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Info-Tech Research Group Warns Metaverse Troubles Ahead

Solving predicted network congestion in the metaverse

Info-Tech Research Group, a global IT research and advisory firm, released research to help IT departments prepare for the metaverse. The research delves into potential risks of deploying metaverse solutions and outlines how to deal with them.

With the predicted explosion in metaverse tech around the corner, with potentially millions of users requiring the use of avatars with which to interact within virtual worlds, Info-Tech’s new research examines the future goals of metaverse pioneers, Microsoft and Meta, as well as what the metaverse is capable of currently.

“Strip back the narrative of the companies selling you the solutions, and the metaverse can be viewed as technological convergence,” says Research Director Brian Jackson in a press release. “Years of development on mixed reality, AI, immersive digital environments, and real-time communication are culminating in a totally new user experience. The metaverse makes the digital as real as the physical. At least, that’s the vision.”

Metaverse Trouble Ahead

While the metaverse is a promising industry, it involves risk like any other technological advancement. One primary risk for IT in the metaverse is that it offers hackers a broader surface of attack. The addition of mixed reality devices to a network introduces more weak points to online systems which hackers may use to launch cyber-attacks.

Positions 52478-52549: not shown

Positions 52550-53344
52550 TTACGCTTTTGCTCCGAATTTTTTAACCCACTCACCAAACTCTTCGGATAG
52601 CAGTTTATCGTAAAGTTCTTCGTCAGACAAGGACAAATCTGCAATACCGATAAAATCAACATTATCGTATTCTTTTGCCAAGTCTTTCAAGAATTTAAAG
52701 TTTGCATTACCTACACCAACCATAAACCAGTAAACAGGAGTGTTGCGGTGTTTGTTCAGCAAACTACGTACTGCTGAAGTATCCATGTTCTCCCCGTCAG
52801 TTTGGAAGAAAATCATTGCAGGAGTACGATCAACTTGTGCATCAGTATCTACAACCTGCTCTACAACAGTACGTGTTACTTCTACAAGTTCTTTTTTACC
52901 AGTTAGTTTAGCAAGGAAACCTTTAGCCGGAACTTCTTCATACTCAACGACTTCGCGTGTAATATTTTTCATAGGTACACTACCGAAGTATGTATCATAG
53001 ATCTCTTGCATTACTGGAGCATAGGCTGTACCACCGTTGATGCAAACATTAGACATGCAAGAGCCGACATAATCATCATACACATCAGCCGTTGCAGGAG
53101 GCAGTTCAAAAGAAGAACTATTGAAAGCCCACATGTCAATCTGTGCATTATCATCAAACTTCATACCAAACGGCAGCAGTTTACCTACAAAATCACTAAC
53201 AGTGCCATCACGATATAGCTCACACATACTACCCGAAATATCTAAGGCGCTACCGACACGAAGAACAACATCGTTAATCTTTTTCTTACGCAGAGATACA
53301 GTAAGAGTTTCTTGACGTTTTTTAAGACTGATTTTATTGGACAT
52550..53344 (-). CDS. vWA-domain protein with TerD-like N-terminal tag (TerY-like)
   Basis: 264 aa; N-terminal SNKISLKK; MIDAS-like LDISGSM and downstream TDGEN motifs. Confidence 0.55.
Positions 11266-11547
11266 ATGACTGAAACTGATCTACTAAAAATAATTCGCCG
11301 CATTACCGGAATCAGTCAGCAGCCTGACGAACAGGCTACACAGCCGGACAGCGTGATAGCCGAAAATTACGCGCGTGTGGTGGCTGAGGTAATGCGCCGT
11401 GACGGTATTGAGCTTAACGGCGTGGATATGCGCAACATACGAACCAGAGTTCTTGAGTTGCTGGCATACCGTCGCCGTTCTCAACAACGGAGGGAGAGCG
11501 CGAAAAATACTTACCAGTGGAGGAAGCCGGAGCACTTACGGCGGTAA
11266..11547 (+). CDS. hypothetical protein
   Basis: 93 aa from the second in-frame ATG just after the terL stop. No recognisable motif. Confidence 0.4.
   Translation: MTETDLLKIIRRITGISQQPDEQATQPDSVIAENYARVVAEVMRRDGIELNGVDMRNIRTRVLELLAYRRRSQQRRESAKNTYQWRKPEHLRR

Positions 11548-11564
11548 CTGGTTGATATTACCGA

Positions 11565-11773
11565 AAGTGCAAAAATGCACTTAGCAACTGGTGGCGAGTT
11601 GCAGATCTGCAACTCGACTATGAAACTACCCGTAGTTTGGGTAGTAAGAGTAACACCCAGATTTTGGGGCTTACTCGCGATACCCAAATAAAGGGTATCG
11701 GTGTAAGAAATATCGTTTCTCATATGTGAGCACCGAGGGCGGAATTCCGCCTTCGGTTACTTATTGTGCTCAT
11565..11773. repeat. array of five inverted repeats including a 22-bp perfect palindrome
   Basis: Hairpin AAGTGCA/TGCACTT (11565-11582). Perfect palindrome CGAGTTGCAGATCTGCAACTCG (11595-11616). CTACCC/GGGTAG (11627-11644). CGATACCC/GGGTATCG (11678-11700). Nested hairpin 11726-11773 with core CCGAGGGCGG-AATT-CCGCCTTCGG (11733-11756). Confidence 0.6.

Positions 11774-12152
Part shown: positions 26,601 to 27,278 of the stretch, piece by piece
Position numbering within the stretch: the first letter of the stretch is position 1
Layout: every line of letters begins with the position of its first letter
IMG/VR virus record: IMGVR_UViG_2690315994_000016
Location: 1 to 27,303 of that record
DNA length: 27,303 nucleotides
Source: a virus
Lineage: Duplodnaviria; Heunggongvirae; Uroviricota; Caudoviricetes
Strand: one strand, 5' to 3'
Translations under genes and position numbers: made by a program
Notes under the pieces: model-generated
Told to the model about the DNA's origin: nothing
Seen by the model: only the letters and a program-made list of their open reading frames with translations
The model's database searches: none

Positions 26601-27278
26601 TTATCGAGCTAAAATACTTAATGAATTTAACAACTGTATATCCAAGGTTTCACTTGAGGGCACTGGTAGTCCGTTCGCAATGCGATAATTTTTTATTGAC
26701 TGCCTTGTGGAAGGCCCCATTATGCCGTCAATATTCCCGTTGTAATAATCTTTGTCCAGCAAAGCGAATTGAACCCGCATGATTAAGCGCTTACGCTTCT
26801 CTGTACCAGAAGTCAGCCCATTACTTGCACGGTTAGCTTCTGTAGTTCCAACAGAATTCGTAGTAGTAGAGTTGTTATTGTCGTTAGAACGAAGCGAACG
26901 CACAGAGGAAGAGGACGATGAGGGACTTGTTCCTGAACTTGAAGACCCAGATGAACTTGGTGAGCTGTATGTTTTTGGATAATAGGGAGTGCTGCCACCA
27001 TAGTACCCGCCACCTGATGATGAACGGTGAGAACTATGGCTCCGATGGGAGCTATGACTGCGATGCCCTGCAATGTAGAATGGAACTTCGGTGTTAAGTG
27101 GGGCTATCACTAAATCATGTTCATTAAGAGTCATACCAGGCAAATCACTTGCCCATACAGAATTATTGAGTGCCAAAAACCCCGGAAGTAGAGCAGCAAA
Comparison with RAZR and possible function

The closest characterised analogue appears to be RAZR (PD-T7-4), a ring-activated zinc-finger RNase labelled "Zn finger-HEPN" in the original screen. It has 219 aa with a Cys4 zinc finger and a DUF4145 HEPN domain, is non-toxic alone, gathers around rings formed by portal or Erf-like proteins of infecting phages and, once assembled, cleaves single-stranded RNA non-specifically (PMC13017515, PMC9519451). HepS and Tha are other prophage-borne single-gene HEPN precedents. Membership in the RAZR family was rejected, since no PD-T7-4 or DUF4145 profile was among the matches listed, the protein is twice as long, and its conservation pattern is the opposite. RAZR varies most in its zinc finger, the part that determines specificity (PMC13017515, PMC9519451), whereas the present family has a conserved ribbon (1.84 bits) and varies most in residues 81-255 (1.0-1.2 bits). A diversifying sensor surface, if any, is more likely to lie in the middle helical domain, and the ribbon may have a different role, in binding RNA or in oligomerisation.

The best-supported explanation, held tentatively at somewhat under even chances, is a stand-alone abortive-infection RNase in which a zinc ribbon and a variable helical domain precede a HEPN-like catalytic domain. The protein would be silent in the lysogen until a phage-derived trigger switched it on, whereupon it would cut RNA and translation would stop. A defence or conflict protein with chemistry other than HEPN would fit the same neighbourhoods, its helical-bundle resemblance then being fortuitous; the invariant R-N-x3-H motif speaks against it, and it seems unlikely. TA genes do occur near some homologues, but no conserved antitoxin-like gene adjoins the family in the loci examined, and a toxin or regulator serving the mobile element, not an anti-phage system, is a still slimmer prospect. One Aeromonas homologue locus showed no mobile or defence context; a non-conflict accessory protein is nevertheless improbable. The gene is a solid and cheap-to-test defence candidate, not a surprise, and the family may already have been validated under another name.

After all, recent attempts to simplify and speed up transactions via the Ronin blockchain used by gaming giant Sky Mavis for smash hit Axie Infinity may have played a part in allowing what appears to be the largest crypto heist on record.

In addition to security, good old-fashioned network congestion is another issue IT departments will need to prepare for. This is due to the fact that adding more devices “that deliver highly graphical content” increases pressure on networks. Info-Tech Research Group warns that the metaverse will require access points to maintain more connections and pathways, thus requiring higher bandwidth. 

The warnings even go as far as to suggest that IT departments may require metaverse dress codes to ensure avatars wear work-appropriate attire. You have been warned.

“It will be years yet before the metaverse visions pitched to us from Silicon Valley stages are realized,” says Jackson. “In the meantime, understanding the individual technologies contributing to that vision can help CIOs realize business value today.”

Written By

Jack Brassell is a freelance journalist and aspiring novelist. Jack is a self-proclaimed nerd with a lifelong passion for storytelling. As an author, Jack writes mostly horror and young adult fantasy. Also an avid gamer, she works as the lead news editor at Hardcore Droid. When she isn't writing or playing games, she can often be found binge-watching Parks & Rec or The Office, proudly considering herself to be a cross between Leslie Knope and Pam Beasley.

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